It has been the subject of religious pilgrimages, Western humanitarian documentaries and ruthless colonialism. It’s also a country known for its vibrant culture, its exhilarating Bollywood films and its rich and complex cuisine. In the winter of 2017, I had the opportunity to travel throughout India, the world’s second most populous country. As we emerged out of Indira Gandhi International Airport and crept through the early New Delhi morning, the air smelt burnt and crisp, like it was on fire. Passing through the city, the stillness of the lights smeared by smog, it felt almost apocalyptic, like the end of the world had arrived and I was but a passenger inside its final moments.
I had been to China a few years earlier, so I knew the pollution would probably be similar to what I had encountered in Beijing. Aside from this, however, I wasn’t sure what to expect. Nothing in life thrills me more than traveling and before I go to a country, I prepare myself by banishing my preconceptions and thinking of myself as a sponge, ready to experience and soak up everything I see, hear and smell with earnest fervour. Having lived in an American city where white people fetishize India on all levels, from religion to clothing to viewing it as a potential missionary opportunity, I was aware of the problematic mentality permeating Western culture toward the country. It was therefore my mission as a photographer to not show the exotic, “picture-perfect postcard” India that so many people want to see you pull out of your suitcase, but instead to document the reality: beautiful, ugly, complex, impoverished, wealthy, drastic, overwhelming, slow and vibrant.
This photo essay was taken throughout a period of three weeks in the cities of New Delhi, Jaipur, Agra, Bodh Gaya and Banaras, amongst other places. Although I loved everywhere I went, each for different reasons, it was the city of Banaras that intrigued me the most. Banaras, otherwise known as Varanasi, is one of the oldest cities on Earth and is a sacred site of pilgrimage for Hindus and Jains. Having expressed interest in Banaras before my trip, I had been told it was the “shithole of India” and another individual told me that I would not be intrigued by it once I arrived there, as it was known to be filthy. I’m not a spiritual or religious person, so I didn’t come there looking to go to a temple or swim in the Ganges, but there was just an intensity to the city as I roamed the streets in the early morning hours that made me fall in love with it instantly. Perhaps it is the fact that it is filthy, raw and sincere, populated with people who have either lived there their whole lives or are simply passing through, that made me feel comfortable in its streets.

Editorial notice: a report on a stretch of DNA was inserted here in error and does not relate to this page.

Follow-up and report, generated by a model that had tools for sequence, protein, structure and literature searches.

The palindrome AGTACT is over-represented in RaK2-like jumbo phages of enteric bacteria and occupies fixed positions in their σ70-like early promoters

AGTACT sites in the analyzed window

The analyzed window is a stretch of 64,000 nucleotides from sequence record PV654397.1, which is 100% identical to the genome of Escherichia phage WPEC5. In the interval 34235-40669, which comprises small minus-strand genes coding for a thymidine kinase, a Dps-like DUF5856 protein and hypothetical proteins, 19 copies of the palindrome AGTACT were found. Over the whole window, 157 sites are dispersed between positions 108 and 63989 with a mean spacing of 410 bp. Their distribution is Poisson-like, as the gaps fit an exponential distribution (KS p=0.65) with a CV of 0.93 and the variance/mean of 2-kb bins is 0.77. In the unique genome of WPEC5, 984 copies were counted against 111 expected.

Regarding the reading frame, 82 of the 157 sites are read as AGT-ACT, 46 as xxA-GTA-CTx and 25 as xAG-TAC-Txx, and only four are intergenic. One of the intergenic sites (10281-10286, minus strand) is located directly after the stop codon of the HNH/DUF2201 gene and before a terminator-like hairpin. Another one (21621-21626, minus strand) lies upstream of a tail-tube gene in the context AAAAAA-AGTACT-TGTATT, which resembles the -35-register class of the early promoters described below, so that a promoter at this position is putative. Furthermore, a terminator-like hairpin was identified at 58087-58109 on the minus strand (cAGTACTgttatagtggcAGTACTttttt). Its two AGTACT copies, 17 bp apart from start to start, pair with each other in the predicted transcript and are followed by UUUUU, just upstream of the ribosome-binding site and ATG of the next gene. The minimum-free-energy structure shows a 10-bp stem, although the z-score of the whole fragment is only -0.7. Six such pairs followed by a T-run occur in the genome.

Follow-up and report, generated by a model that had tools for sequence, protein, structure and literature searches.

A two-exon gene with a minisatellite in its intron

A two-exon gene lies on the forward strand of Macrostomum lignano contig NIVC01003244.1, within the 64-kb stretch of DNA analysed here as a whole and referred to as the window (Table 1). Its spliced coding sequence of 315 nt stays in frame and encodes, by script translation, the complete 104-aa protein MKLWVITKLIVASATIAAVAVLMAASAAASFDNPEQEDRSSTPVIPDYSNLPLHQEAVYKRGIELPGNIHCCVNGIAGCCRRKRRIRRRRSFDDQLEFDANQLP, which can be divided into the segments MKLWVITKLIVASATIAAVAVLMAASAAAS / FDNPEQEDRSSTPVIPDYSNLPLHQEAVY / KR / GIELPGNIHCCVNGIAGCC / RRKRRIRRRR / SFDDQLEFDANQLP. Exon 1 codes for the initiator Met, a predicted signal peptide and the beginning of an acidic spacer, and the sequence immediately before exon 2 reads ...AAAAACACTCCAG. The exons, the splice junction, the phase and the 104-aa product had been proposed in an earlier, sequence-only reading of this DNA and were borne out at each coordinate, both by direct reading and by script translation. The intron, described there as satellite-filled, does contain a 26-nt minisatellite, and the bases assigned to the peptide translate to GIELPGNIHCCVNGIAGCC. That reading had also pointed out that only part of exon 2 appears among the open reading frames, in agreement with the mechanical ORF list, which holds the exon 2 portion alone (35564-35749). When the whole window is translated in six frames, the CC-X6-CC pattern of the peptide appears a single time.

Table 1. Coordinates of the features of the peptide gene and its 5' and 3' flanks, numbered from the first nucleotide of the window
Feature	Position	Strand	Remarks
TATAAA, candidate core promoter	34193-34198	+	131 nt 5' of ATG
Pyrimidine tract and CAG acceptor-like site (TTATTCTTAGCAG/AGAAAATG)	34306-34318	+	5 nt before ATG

As we passed throughout the country, I was both overwhelmed and energized by the number of people that were everywhere. It was especially important that I was able to see the India that very few Western tourists go out of their way to find, such as the slums of New Delhi or the small villages where people had to bike miles just to go to school. In a country of so many people, it was surprising to find so many individuals who seemed lost in their own lives, quietly trapped in thought, strolling throughout their days weighed down by their own burdens and concerns. One of the particularly cool things that I liked about Indian society was the tendency to take a break from the overwhelmingly fast-paced culture to search for and appreciate the silent moments, which usually involved a delicious cup of chai tea. As a country, India encompasses so many adjectives and if anyone says they truly understand it in every aspect, from its politics to its history to its people, I will be immediately skeptical.
To see more photos or to offer feedback on this essay, please email Larisa at firstname.lastname@example.org.